Buy in can be more difficult if one does not feel enthusiastic about a decision, and continuing to ask questions to gain a thorough understanding can be helpful. If team spirit is strong, this can encourage the optimism needed to embrace a decision and support the team. If we remain positive and enthusiastic, we can trust the outcome.
We usually do not like to hold others accountable unless they ask us to or there is a clear commitment in place. We should, however, agree as a team that we will hold one another accountable so everyone contributes to the commitment they made within the time frame agreed upon. Accountability is simply the willingness of team members to call on their teammates on performance or behaviors that might hold back the team.
It can be challenging to do if we anticipate confrontation or conflict. It can become easier if we practice and realize if everyone is held accountable, the team performance increases and that can be rewarding. An accountability conversation should be timely, and private in the appropriate setting. Asking for permission to offer feedback can open the door to starting a challenging conversation and may feel less direct.
Learning to accept feedback is equally important, and learning to say thank you instead of becoming defensive is an ideal reaction. Appreciating the feedback can lead to asking for help or support, and ultimately learning how to become a better team contributor.
Results is the last critical behavior to achieving collective goals. Working cohesively with the team facilitates this success and leads to performance-based outcomes. A team that embraces results values collective success more than individual achievement and is willing to make sacrifices for the good of the team. When the team fails to achieve collective results, one should take personal responsibility to improve the team’s performance.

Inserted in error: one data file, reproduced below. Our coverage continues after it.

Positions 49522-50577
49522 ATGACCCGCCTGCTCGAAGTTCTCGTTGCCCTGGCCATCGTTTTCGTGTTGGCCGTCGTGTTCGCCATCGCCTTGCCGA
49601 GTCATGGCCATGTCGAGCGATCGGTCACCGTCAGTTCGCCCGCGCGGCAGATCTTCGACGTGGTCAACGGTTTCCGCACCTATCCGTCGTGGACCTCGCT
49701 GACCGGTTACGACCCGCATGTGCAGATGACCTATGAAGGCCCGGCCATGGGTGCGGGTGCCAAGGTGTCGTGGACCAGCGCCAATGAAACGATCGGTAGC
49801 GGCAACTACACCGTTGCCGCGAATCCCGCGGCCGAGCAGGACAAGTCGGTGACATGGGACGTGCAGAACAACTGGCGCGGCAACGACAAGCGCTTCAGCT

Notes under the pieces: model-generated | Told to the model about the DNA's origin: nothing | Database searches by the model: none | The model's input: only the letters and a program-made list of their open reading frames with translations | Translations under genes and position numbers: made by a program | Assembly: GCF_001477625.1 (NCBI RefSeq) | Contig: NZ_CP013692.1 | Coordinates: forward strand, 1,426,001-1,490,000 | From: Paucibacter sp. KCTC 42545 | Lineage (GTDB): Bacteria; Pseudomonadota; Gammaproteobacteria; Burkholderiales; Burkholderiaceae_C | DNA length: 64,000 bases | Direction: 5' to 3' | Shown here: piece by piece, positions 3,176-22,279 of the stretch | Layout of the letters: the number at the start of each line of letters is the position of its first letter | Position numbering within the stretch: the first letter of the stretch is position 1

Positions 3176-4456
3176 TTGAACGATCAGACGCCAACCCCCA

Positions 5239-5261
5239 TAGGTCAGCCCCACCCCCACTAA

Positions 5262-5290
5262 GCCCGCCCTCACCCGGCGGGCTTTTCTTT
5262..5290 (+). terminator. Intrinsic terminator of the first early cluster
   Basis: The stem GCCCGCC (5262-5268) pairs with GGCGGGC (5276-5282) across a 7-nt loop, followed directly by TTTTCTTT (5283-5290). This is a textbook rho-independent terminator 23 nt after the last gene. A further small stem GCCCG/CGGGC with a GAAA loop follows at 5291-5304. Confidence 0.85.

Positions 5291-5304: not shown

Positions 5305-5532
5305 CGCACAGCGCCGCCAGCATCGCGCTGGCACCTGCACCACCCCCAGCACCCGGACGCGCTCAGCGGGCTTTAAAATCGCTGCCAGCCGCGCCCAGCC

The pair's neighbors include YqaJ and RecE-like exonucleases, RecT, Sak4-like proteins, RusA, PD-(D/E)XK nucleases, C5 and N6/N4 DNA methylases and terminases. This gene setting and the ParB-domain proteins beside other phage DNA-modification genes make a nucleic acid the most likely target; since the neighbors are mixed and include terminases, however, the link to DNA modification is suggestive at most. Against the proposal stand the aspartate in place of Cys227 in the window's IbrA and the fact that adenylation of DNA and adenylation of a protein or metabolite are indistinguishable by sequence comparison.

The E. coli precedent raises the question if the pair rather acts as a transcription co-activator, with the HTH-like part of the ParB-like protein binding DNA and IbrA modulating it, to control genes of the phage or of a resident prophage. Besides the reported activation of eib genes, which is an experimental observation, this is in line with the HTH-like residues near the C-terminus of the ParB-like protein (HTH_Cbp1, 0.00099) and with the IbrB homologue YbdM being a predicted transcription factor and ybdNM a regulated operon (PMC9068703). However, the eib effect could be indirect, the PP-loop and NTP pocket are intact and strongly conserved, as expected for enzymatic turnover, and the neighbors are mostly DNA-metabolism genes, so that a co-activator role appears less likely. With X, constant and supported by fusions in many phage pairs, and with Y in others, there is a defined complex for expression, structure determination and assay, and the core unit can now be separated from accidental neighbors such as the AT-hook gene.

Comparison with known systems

Knowing and understanding your motivators and stressors, as they relate to achieving team results is important and can avoid some of the roadblocks we face if we do not feel motivated or feel drained by certain tasks.
On cohesive teams, all members, no matter what their individual responsibilities and areas of expertise, do whatever they can to help the team accomplish its goals. Developing the habits that work best for an individual can help one do their part and encourage a focus on team results.
What is The Five Behaviors® Personal Development?
The Five Behaviors® Personal Development is the result of a partnership between Wiley and best-selling author Patrick Lencioni. The solution teaches individuals to become better teammates by integrating the model from Lencioni’s book, The Five Dysfunctions of a Team, at the organizational level.
This powerful experience assesses an individual’s approach to teamwork, provides personalized insights on how they can more effectively work with others, and teaches participants the critical behaviors and interpersonal skills needed to work together successfully.
The result is a unique and impactful team development solution that empowers individuals to rethink their approach to teamwork, shape new, more productive behaviors to increase productivity, and create a common language that completely redefines what it means to work together to build a culture of teamwork.
X5 Management is an award-winning Authorized Partner for The Five Behaviors™ programs.
Lencioni, Patrick (2016) The Five Dysfunctions of a TEAM, Jossey-Bass, A Wiley Imprint
Wiley, John & Sons, Inc. (2019) The Five Behaviors of a Cohesive Team®